Whistleblower Says He Warned Company Of 'Catastrophic' Airbag Failures

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This is The Morning Shift, our one-stop daily roundup of all the auto news that's actually important — all in one place every weekday morning. Or, you could spend all day waiting for other sites to parse it out to you one story at a time. Isn't your time more important?

1st Gear: "I Didn't Want My Name Associated With It"

A former employee of troubled airbag maker Takata says he told the company there would be terrible consequences if they want ahead with a plan to use ammonium nitrate to inflate their airbags. These are the same airbags which have forced the recall of more than 24 million cars.


From an interview with Craig Trudell:

Mark Lillie, who left the Japanese auto-parts maker in 1999, said his departure was tied to Takata’s disregard of his warnings against using the chemical compound ammonium nitrate to inflate its airbags. More than 24 million cars with Takata inflators have since been recalled worldwide because the devices can deploy with too much force, causing them to rupture and shoot metal fragments at motorists.

“I knew that ultimately there were going to be catastrophic failures,” Lillie said in a phone interview. “I didn’t want my name associated with it.”


You should read the full story as it lays out the case nicely, as well as the history of the chemical's use.

2nd Gear: Someone Wanted GM To Compensate Them For Their Dog


How much do you really save when you cut a $1 part out of an important system in a car?

GM is probably doing that math right now as it has already paid out $93 million in compensation to victims, or families of victims, harmed in cars with ignition switch defects.


Here's a weird bit from The Detroit News:

Biros said the program has made 93 settlement offers; 40 have been paid and 49 accepted; none have been officially rejected. The program has determined that 482 of the claims are ineligible, including one that sought compensation for a dog that died, and another seeking funds for an early 1960s Chevrolet.


If the dog died in a car with an airbag malfunction I sort of understand. It can hurt to lose a beloved animal, though I'm not sure if a functioning airbag would have helped.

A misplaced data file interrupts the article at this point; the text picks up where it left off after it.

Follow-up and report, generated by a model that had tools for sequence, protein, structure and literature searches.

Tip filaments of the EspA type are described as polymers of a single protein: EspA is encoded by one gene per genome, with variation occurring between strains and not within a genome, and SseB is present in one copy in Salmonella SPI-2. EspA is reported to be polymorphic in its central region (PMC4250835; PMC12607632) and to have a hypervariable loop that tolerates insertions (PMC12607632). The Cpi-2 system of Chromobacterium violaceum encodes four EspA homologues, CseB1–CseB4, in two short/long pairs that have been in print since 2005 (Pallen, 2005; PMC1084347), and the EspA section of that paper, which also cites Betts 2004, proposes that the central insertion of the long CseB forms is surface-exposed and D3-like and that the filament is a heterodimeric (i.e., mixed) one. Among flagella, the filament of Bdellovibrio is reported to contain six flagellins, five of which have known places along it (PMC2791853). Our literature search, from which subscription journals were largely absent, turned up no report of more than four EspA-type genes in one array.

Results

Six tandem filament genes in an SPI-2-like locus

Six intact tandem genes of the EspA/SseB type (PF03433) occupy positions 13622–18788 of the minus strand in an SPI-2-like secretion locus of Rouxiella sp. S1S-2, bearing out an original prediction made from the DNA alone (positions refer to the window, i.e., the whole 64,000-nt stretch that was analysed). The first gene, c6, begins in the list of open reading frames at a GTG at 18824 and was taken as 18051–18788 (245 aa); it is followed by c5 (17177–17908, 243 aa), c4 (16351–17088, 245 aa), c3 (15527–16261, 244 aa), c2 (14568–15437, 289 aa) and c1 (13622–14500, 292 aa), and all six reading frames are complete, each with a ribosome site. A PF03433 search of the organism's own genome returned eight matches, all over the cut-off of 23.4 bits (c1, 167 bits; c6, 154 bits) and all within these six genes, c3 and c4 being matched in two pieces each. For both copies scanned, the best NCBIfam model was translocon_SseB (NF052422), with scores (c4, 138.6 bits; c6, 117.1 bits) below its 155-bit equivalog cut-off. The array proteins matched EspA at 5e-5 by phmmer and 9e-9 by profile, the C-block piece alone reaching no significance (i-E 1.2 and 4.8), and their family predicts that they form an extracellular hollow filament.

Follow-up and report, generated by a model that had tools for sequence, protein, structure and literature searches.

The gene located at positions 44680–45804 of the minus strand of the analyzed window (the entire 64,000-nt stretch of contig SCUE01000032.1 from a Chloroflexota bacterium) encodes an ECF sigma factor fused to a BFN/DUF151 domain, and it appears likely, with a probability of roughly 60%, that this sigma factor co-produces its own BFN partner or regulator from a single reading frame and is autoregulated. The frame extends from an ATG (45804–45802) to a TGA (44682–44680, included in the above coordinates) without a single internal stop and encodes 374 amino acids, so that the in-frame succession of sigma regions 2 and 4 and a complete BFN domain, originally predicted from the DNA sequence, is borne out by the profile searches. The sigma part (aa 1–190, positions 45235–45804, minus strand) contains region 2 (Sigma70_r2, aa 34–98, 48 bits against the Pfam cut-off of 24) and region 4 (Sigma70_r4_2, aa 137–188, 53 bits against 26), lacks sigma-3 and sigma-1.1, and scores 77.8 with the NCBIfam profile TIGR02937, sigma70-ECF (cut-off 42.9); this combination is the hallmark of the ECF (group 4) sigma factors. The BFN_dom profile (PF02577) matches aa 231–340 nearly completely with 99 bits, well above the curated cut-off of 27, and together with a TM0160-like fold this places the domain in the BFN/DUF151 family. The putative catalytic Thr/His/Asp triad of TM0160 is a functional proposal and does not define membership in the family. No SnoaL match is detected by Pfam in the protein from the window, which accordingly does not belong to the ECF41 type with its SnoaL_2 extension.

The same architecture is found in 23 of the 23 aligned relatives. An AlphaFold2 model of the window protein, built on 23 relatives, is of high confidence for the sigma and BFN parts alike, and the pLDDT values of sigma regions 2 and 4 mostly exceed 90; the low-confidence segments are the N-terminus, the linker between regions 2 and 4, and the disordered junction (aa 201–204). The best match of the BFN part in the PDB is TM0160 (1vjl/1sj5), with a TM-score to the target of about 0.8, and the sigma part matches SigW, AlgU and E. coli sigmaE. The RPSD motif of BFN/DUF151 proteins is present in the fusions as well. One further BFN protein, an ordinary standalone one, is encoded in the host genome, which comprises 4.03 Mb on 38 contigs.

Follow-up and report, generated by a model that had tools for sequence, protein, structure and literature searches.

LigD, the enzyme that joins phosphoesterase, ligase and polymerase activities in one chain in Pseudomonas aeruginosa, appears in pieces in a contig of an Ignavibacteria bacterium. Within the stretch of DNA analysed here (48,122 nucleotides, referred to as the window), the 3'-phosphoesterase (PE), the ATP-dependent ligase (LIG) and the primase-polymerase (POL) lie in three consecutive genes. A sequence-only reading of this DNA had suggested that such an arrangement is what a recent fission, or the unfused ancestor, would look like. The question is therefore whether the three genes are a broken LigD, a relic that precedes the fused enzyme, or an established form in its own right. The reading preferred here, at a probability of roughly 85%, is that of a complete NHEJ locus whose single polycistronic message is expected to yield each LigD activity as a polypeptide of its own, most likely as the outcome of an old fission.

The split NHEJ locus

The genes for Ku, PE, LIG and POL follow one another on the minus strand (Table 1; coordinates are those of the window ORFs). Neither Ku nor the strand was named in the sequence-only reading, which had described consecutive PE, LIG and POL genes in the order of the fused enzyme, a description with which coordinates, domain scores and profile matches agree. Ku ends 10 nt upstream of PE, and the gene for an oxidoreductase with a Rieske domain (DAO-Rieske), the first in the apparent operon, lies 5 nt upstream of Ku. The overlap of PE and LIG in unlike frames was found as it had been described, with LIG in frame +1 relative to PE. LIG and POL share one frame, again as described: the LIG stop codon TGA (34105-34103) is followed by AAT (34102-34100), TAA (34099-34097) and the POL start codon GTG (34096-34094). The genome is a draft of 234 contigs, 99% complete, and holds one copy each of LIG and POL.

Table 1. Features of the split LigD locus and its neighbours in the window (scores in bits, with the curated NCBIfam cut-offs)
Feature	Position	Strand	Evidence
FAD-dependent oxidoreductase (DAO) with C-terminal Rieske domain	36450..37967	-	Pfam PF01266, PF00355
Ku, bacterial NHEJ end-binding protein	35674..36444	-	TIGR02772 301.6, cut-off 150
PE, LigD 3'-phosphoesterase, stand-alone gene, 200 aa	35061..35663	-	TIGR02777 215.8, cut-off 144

3rd Gear: Honda And Subaru Airlifting Parts To Avoid Union Strife


The worst way to not sell a car is to have demand for it but not have the actual car built, which is an issue Honda and Subaru could face if a Union-led slowdown on West Coast ports cripples shipping there.

Thus, Subaru and Honda are just flying in the parts they most need.

What we don't know, as Bloomberg reports, is how much extra airlifting those parts will cost. My guess is less than what it costs to make the car, more than what it costs to ship the parts.


4th Gear: Toyota Does Not Make Godzilla, It Is Godzilla


While the rest of the world is a challenging place to sell cars right now, Toyota's huge selling base in the United States and a weak yen means that Toyota is still banking giant profits and will continue to bank giant profits so long as the yen stays advantageously low.

From Hans Greimel in Tokyo:

The robust results underscore Toyota’s continued sensitivity to exchange rates. Like other Japanese automakers, it has benefited over the past year from the yen’s retreat against other currencies, as the Japanese government pursues an ultra-loose monetary policy in an effort to jump start the country’s economy.

Third-quarter operating profit was lifted by a 145 billion yen ($1.21 billion) windfall gain from the weakening yen. The yen’s decline against the dollar and other currencies aids Japanese exports and boosts the yen-dominated value of overseas earnings.

Managing Officer Takuo Sasaki said the yen’s faster-than-expected weakening was a key reason the company lifted its profit forecast for the current fiscal year ending March 31.



5th Gear: Why Ford Has To Give Hundreds Of People A Raise


Ford's demand in the first quarter is expected to be so strong that they're going to have to add 1,500 new workers. Not a big deal, except that as part of their two-tier wage agreement they can only keep a certain number of people at that lower tier.

Therefore, Ford will give roughly 300-500 people a potentially large raise.

The Wall Street Journal has a more detailed explanation of why this is hitting Ford:

Although all three domestic auto makers hire workers at an entry rate, Ford is the one with a cap on how big a percentage of hourly workers can be classified as second tier. Ford’s mix is capped at 20%, meaning only 10,000 of its 50,000 workers can make the entry-level wages.

New hires are brought in at $15.78 an hour and then given 5% raises annually, topping out at $19.28.


Of course, two-tier is one of those issues the UAW will be debating going forward.

Reverse: Thought Perhaps Slightly Less Insane

On this day in 1878, Andre Citroen, later referred to as the Henry Ford of France for developing his country's first mass-produced automobiles, is born in Paris. Citroen revolutionized the European auto industry by making vehicles that were affordable to average citizens.



Neutral: Do You Know Which Airbag Is In Your Car?

There are only a handful of companies making airbags, do you have any idea who makes the airbag in your vehicle?


Photo Credit: AP Images